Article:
The resolution was to contact at least one friend per day. Which doesn't sound a lot except that I'd managed to get to a point where managing to contact one friend A WEEK was all I could do. I started on March 1 and so far have kept to it. It's making me feel better, less closed off from the outside world and is keeping me from the hermit persona that I could easily slip into if I let myself.
It's a bit weird in this age of being able to be in touch 24/7 that we seem to communicate less with the people we care about...

Tuesday, March 17, 2009

What mothers tell you

I currently have an ulcer on my tongue.
The first time I ever mentioned I had an ulcer on my tongue my mother told me I must have told a lie. I was about four. There was a pretty fair chance that I had told a lie at some point, so I never mentioned it again.
Also, there's the furphy about not making a face in case the wind changes and your strange expression stays as a permanent look.
My mother also told me that writing on your skin gives you ringworms.
My mother's friend told me that earwigs got their name because they crawled into sleeper's ears at night. I spent years with my hand covering the ear not pressed into the pillow.
Does anyone else have any special insights from their mothers/aunts/fathers/uncles etc?

Wednesday, March 11, 2009

The Ultimate Escape

Seems P.S. and I have something in common. We both have a yearning to live in the amazing treehouse created in the the Disney version of Swiss Family Robinson. I know Disney has a lot to answer for, but its films and animations definitely coloured my childhood and I never quite lost the yearning to live on a deserted island in the amazing treehouse (with one of the hunky boys). Does make you wonder, though, how far from the evolution tree we have come... and why I'm trying to get back there. Which reminds me of the chimpanzee who has given scientists the evidence they were looking for re cognitive thinking. Seems he stored up some rocks but waited for the lunchtime crowds at the zoo before pelting them at his visitors. Fair enough really. Wonder what he would think of the SFR treehouse?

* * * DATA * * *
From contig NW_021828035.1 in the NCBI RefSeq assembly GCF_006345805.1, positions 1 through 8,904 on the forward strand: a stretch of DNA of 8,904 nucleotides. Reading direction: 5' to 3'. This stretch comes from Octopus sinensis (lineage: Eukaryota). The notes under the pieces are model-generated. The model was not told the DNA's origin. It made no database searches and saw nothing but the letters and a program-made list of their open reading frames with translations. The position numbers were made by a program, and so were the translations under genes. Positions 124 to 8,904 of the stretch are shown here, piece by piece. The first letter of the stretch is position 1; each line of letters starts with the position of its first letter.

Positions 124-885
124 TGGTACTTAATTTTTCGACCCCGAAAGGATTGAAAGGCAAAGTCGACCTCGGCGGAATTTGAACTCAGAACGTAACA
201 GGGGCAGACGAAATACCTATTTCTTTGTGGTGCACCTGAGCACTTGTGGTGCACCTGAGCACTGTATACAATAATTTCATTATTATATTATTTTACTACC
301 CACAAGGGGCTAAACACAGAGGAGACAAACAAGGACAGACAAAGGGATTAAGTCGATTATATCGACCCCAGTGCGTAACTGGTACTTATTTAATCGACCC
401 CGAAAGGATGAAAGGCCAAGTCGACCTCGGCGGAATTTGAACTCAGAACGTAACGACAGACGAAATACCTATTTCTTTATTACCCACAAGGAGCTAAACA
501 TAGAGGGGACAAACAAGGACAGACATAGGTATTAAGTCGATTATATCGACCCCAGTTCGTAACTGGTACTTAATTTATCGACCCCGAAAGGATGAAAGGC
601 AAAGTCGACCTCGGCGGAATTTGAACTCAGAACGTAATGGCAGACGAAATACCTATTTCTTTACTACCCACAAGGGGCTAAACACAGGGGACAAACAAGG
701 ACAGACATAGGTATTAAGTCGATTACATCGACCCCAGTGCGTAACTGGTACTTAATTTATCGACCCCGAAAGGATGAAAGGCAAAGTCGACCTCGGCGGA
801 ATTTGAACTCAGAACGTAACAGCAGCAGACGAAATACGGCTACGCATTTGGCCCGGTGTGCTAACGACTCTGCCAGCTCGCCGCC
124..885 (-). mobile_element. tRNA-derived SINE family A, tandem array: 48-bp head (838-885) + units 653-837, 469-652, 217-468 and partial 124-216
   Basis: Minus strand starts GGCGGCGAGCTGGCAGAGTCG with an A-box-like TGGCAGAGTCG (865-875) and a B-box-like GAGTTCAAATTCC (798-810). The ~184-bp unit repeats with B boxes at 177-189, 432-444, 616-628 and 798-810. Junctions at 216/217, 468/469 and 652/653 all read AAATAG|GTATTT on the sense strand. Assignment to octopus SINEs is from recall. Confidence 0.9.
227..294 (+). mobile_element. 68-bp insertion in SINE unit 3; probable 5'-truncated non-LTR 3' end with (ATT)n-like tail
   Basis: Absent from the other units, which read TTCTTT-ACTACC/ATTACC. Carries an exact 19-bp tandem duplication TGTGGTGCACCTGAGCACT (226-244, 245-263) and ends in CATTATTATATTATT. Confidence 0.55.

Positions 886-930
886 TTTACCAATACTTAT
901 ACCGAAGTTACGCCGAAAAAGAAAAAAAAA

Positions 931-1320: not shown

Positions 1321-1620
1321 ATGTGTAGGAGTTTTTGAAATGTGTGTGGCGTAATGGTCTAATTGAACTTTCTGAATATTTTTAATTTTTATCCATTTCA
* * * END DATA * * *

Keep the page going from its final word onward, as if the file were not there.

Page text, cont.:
Tuesday, March 10, 2009

Thursday, March 5, 2009

Got it covered?

I'm looking for the perfect cover.
Sometimes I think I've seen it, but when I check on it later, sometimes only days later, I've moved on.
What makes a great cover?
That's my question. Does there need to be a mystery about it? Does it need to give a hint to what's inside? Is it about the embellishments or the size of the type on the cover or the colour palette that was used?
What is that elusive ingredient that makes you stand back and say, now that is a cool cover?

Monday, February 9, 2009

Have you noticed...

that it's the things people don't say that are sometimes more interesting than the things they do say?
One of the things that I have been asked most often about Chasing Boys is, How did Gaston get his scar?
In an effort to mirror real life, I deliberately left this piece of information out of the story, and it seems that it has bugged some readers.
Then there's the person, when confronted with a newborn baby, who says 'Wow, look at all that hair'. (Implication, ugly baby.)
Or a comment on a new house, 'That kitchen is so compact, everything is in reach'. (Implication this is the smallest house ever.)
Or a new hairdo, 'I really like that colour'. (Implication, that shaved one side look does nothing for you.)
Or, 'I like those jeans better on you'. (Question, better than what? Comment by my mum.)
Has anyone else noticed this?